The soundtrack is uncompressed LPCM, presented in mono across two channels. The result is full-bodied and warm, with Cooper’s music score in particular coming across strongly. Subtitles for the hard-of-hearing are available for the feature, but not the short films (only two of which have soundtracks anyway).
Potter’s admirers will certainly appreciate the fact that this DVD gathers together five key short films by the director. In chronological order, which is not the order they are listed on the menu, they begin with Jerk (1:57), made in 1969. Shot in 8mm and blown up to 16mm, with no soundtrack, this begins with an editing frenzy, alternating frames of Potter with her collaborator Martin Dunford. Play (5:07) was from the following year and is one of a number of multi-screen experiments carried out at the time. Shot in 16mm, and again silent, it places two 4:3 images side by side (rendered in Scope and anamorphically enhanced for this DVD), the left one in colour and the right one in black and white and features three sets of twins playing in the street. At one point they stop playing at stare at the camera. hors d'oeuvres (9:58) is from 1971, in colour and black and white (and very grainy due to being shot in 8mm and refilmed in 16mm), and features student dancers in an exercise in screen space.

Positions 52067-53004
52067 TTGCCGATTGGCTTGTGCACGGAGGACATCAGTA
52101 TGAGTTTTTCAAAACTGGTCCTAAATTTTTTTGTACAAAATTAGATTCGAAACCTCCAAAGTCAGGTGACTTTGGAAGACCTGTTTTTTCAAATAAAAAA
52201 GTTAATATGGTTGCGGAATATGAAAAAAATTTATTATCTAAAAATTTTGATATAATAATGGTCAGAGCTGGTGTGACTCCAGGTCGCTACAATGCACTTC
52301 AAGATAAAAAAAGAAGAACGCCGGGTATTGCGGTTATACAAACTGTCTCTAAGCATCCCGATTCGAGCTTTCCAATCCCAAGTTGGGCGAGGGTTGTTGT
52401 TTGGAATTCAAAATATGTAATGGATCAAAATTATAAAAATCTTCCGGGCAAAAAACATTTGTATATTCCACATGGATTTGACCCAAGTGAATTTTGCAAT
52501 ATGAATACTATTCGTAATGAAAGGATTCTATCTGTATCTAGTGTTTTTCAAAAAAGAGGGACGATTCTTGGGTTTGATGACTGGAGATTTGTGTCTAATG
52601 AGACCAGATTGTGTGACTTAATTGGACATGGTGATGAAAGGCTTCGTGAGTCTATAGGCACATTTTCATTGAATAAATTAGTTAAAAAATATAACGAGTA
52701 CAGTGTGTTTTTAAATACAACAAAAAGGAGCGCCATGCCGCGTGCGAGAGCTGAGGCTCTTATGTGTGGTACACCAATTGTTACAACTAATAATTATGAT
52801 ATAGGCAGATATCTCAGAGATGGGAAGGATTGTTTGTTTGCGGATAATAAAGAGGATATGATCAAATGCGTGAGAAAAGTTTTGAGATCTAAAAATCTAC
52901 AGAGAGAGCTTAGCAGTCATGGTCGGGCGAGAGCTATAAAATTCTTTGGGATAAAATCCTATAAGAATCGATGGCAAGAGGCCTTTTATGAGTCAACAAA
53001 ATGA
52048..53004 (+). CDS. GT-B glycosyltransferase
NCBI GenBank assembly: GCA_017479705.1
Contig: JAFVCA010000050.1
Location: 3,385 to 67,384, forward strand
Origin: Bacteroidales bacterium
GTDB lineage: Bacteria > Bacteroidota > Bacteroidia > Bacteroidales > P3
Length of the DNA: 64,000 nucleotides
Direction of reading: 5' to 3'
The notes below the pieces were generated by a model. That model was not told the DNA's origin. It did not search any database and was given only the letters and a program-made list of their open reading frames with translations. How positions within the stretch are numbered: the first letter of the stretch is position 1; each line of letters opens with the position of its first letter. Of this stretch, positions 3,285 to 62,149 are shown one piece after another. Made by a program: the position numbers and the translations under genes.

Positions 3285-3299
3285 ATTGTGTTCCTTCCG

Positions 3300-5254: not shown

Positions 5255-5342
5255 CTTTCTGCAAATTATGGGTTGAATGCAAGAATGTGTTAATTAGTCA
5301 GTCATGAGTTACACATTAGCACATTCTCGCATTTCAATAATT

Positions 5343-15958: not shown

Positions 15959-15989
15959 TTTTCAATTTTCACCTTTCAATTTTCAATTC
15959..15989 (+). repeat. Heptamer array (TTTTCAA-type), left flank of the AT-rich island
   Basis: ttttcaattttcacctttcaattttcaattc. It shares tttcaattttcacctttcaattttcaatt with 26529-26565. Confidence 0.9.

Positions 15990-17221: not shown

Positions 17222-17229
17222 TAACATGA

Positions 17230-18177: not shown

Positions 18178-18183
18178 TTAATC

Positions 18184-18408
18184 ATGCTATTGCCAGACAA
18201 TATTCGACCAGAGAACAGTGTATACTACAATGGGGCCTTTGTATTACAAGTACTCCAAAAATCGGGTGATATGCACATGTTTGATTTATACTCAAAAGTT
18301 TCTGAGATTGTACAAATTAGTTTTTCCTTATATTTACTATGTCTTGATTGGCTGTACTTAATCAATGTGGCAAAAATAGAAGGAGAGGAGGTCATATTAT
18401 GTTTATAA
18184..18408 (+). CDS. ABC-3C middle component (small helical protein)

Thriller (31:48) was made in 1979 and established Potter's reputation. A riff on Puccini's La bohème and thriller conventions (hence the title), it was shot in black and white 16mm (mostly using stills) and features several of Potter's future collaborators on The Gold Diggers. A young woman (Colette Laffont) muses on story conventions where a woman is object rather than subject and her place in the story is to die – which Potter punctuates with blasts of Bernard Herrmann's score for Psycho.
After the grainy monochrome of Thriller, the bold colours of The London Story (15:36), made in 1986 in 16mm and blown up to 35mm, come as a jolt. A woman called Jack Winger (Jacky Lansley) who is a spy involved in a plot to bring down (Margaret Thatcher's) government. The film ends with a striking dance routine set on the South Bank.